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Tuatha'anWithChild

A Tuatha'an Woman with her Child - Portrait by Ariel Burgess Official Wheel of Time Artist

"I will find the song, or another will find the song, but the song will be sung this year or in a year to come. As it once was, so shall it be again, world without end."
   —Tuatha'an farewell
For the chapter in The Eye of the World called "The Traveling People", see The Eye of the World/Chapter 25.

The Tuatha'an, (pronounced: too-AH-thah-AHN), also known as "Traveling People" or "Tinkers," live by a pacifist philosophy they call the Way of the Leaf.

HistoryEdit

The Tuatha'an were originally Da'shain Aiel who followed the Way of the Leaf. After the Aiel were repeatedly attacked by bandits, Sulwin and several others of the Aiel defied Adan, then leader of the Jenn Aiel. They abandoned the items of the One Power entrusted to them by the Aes Sedai and took their wagons in search of the "song" (may refer to the prologue of "The Eye of the World", in which the mad Lews Therin asks Ishamael if he has "the Voice" so as to participate in "the Singing"). This group became the Tuatha'an.

The Tuatha'an are one of the few peoples allowed passage through the Aiel Waste, perhaps because the Aiel cannot bring themselves to interact with such a strange people, although it seems more likely that the Wise Ones and clan chiefs know of their mutual origins and refuse to allow the Aiel near the Tuatha'an.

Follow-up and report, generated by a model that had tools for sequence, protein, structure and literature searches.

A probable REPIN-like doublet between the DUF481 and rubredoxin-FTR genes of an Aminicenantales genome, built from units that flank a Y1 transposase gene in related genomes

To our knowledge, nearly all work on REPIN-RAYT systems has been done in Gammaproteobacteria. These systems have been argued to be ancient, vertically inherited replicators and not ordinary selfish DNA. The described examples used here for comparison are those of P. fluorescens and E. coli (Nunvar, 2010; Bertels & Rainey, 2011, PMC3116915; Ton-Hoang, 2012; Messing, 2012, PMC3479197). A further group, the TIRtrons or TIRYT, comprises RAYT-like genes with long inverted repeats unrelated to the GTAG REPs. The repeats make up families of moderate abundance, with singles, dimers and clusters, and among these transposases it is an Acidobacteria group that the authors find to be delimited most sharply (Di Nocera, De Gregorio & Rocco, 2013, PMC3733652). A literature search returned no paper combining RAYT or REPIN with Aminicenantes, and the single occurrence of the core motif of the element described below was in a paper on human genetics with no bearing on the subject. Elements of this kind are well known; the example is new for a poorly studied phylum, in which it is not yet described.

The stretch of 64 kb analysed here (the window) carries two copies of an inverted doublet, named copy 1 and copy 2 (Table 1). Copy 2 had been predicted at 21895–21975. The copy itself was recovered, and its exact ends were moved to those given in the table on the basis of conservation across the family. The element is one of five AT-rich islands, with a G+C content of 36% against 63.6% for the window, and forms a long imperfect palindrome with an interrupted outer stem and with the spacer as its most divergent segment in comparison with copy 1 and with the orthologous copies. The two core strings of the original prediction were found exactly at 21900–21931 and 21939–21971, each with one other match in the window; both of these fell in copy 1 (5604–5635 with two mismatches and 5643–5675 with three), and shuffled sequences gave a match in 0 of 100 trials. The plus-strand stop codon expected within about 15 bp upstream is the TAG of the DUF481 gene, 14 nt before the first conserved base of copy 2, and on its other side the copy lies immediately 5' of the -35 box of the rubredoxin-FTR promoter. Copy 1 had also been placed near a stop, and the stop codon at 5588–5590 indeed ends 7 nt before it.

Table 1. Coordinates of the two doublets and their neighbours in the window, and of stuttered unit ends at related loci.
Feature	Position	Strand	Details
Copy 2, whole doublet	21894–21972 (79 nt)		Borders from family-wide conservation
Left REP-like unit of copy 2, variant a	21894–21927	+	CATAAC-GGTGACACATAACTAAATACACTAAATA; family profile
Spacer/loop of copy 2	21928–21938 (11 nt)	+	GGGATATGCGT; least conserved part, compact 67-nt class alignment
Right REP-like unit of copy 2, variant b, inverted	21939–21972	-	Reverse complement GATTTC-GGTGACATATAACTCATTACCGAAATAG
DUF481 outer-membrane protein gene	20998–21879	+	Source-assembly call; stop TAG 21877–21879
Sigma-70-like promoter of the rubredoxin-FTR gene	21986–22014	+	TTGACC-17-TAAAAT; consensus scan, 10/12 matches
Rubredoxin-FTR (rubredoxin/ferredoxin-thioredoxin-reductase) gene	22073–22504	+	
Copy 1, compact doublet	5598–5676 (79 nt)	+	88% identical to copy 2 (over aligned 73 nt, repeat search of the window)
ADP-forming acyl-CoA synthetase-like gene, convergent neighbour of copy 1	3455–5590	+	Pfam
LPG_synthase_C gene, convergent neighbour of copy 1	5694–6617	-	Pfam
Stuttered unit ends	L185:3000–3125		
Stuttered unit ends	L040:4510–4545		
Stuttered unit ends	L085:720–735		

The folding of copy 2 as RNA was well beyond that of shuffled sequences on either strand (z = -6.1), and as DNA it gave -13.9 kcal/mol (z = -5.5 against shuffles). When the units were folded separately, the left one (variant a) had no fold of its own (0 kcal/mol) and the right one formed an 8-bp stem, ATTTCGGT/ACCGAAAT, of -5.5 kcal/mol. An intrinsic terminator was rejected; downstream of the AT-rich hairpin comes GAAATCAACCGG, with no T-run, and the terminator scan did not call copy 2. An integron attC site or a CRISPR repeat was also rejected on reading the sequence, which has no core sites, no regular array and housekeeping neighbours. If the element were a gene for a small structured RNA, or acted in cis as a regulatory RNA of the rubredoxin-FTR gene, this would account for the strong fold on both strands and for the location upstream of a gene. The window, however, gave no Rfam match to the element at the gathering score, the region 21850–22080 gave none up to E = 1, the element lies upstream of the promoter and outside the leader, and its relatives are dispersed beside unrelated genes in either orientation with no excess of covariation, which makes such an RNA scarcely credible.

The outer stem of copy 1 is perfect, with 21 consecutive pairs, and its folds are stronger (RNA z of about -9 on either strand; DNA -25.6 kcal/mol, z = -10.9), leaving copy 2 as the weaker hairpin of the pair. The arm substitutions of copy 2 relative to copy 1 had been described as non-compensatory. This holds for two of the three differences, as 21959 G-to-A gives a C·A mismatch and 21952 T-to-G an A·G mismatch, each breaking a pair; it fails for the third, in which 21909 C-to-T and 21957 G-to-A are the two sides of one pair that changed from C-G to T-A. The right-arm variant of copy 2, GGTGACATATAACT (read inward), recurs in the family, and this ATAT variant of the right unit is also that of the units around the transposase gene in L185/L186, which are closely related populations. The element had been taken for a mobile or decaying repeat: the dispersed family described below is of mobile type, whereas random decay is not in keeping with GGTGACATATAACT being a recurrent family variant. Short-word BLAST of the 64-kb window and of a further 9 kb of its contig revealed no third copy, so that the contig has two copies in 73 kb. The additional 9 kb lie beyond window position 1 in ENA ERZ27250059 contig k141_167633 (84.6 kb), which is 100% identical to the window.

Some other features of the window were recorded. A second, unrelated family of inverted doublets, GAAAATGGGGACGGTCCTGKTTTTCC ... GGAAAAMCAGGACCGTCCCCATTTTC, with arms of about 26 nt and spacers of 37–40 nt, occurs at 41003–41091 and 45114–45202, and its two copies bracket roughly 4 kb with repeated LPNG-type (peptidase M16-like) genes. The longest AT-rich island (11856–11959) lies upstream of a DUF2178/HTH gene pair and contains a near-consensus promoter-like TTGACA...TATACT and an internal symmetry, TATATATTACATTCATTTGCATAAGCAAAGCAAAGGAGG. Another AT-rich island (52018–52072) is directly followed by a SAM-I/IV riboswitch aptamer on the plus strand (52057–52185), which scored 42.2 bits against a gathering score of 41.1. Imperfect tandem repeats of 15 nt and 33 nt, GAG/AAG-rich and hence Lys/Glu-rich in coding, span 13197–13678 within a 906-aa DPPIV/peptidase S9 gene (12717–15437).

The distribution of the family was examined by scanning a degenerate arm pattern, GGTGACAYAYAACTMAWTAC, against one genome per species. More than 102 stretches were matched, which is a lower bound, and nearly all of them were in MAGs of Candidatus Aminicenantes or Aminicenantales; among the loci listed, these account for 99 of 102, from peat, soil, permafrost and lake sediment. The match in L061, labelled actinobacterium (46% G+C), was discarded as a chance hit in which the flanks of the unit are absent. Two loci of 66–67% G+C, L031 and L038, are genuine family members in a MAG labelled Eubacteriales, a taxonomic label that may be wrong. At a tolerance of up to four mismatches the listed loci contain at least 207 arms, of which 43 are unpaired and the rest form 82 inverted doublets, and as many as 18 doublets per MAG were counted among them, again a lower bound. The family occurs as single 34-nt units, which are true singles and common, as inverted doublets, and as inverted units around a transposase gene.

CultureEdit

Tuatha'an

A young Tuatha'an girl dancing the tiganza.

The Way of the Leaf defines how the Tuatha'an interact with outsiders. Tuatha'an will never do any violence, be it in anger or self-defense, not even to save their own life or that of another. If they feel that violence or physical confrontation may ensue, they will simply hide or leave the area. They also do not stay near areas where population is concentrated, as there is a greater propensity for violence in larger settlements. Their beliefs and actions frequently earn them repudiation by common folk.

The Tuatha'an have a bad reputation throughout the land. They are considered habitual thieves and, though they do not actively recruit new members, are often accused of trying to convert children to the Way of the Leaf.

Tinker Aes Sedai are also very rare as very few Tinker children wish to channel, as then they must become Aes Sedai and break from the Way of the Leaf.

Appearance Edit

Despite the fact that Aiel look today exactly as they looked in the AoL, wearing cadin'sor, having light skincolor and the majority of them having haircolor in the shades of red, from dark-red to golden-reddish-blond, even their haircut is exactly what they wear thousands of years ago, Tuatha'an people does not look like Aiel at all. No resemblance.

References from Rand's visions in Rhuidean Edit

Aiel followed the Way of the Leaf and only the Tuaha'an stayed loyal to that.

Solinda sedai tells to Jonai:
"Keep moving, always moving, until you find a place of safety, where no one can harm you. [1]"
Tuatha'an people never stay long in one place. They keep moving although their reason for that is changed during the time.

The SongEdit

Traveling People

A Tuatha'an Mahdi inviting visitors into a Tinker campsite.